If we limit social gatherings with friends and family this Eid, we’ll be able to enjoy their company for years to come.
Muslims around the world marked a sombre Eid al-Fitr on Thursday in the second celebration in the shadow of the coronavirus pandemic, and amid rising hostilities between Israel and Palestinians.
The three-day festival, which marks the end of the holy fasting month of Ramadan, is traditionally celebrated with mosque prayers, family feasts and shopping for new clothes, gifts and sweets.
Many COVID-hit countries, including India, Malaysia and Indonesia imposed curbs, shut shops and even some mosques – though the numbers of people out praying were higher than in 2020 when lockdowns all but cancelled events.
Pakistan Prime Minister Imran Khan appealed to Pakistanis to celebrate Eid in a “quiet manner” in order to control the spread of COVID-19 in the country.
“In Pakistan we are now again beginning to control the spread so it is vital for our people to observe SOPs,” he tweeted.
Two, equally critical is the need for us all to show solidarity with the Kashmiris & Palestinians who are suffering oppression by Occupation Powers in complete violation of their international guaranteed basic human rights.
— Imran Khan (@ImranKhanPTI) May 13, 2021
Meanwhile, in Turkey, Eid prayer was held at Istanbul’s iconic Hagia Sophia mosque on Thursday after an 87-year hiatus.
Thousands of worshippers joined the prayer led by Ali Erbas, head of Turkey’s top religious body Diyanet.
“These holidays are being held during exceptional times that define us, unite our hearts and reinforce our brotherhood,” he said.
While the coronavirus pandemic forced curbs on Eid activities, for some the celebrations were halted by conflict.
In the besieged Gaza Strip, the faithful prayed at mosques amid the rubble of collapsed buildings, as Israel’s air force continued to launch air strikes for a fourth day, targeting locations linked to the ruling group, Hamas.
“There is no Eid here,” journalist Sami Abu Salem reported from Gaza.
“Gaza is busy burying its dead people. There is grievance instead of happiness. The streets are empty … there are no social visits between people, relatives or neighbours,” Abu Salem said.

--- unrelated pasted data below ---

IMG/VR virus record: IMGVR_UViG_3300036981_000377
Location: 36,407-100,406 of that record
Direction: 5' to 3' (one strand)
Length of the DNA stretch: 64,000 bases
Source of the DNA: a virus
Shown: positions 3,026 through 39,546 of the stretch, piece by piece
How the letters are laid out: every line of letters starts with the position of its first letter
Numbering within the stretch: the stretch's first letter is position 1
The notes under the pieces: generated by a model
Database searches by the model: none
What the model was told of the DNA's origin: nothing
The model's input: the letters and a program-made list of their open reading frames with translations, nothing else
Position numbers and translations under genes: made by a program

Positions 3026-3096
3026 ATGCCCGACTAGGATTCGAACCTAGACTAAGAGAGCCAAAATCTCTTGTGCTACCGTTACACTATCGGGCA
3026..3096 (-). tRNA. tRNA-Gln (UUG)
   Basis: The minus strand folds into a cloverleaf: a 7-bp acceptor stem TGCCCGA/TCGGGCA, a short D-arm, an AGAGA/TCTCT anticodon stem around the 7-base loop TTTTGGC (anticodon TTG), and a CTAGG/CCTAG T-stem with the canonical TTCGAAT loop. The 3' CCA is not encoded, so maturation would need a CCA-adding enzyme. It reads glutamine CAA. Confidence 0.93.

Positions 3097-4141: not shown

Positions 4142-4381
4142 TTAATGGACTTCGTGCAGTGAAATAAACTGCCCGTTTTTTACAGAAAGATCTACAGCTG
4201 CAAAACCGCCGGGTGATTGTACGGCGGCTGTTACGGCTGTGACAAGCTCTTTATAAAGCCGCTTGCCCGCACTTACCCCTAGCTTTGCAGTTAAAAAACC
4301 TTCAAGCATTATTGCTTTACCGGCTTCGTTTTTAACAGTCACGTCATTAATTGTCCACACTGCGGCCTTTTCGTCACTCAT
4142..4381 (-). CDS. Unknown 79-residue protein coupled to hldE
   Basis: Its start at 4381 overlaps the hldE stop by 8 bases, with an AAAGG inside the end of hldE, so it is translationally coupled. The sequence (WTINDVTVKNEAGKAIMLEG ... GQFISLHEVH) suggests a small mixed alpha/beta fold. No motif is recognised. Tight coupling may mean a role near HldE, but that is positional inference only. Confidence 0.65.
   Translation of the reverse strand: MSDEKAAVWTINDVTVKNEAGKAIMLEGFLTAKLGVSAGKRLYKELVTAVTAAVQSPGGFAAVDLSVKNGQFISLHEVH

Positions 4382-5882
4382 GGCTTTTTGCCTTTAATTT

At least 86 people have been killed since Monday, including 17 children, according to Gaza health authorities, and more than 480 others wounded as heavy bombardment has rocked the densely populated coastal enclave and brought down entire tower blocks.
The escalation in violence came after weeks of tensions in occupied East Jerusalem over a scheduled court ruling on the forced expulsion of several Palestinian families from their homes in the Sheikh Jarrah neighbourhood. The court ruling has since been postponed. Frictions in the city were also heightened as Israeli security forces raided the Al-Aqsa Mosque compound for three straight days during the final week of Ramadan, with hundreds of Palestinians wounded.
In Jerusalem’s Old City on Thursday, some passers-by wore shirts decorated with Palestinian flags, others had painted them on their cheeks.
Many were wearing the black-and-white chequered keffiyeh scarf which has become a symbol of the Palestinian cause.
“We feel very sad for the Eid today, because of the situation and the violence,” Hiba told the news agency AFP.
“We can’t be happy when we see what is happening in Gaza and elsewhere.”
In Afghanistan, the Taliban declared a three-day ceasefire for Eid just days after a bombing that killed 80 people, most of them schoolgirls.
But the temporary ceasefire was short lived. At least 11 civilians were killed and 13 others were wounded in four separate bombings in Afghanistan on Thursday, just hours after it began.
In the Iraqi city of Mosul, which was badly damaged in the long war between Iraqi forces and the ISIS (ISIL) group that ended in 2017, worshippers gathered in the historic but largely ruined seventh century al-Masfi mosque.
Eid prayers were held there for the first time since parts of it were reduced to rubble. The prayers were instigated by a local group of volunteers to help amplify their calls for the Old City to be rebuilt.
“We are happy about Eid and other celebrations, but there is also heartbreak because of great destruction in Mosul until this day,” said Ayyub Dhanun, one of the volunteers.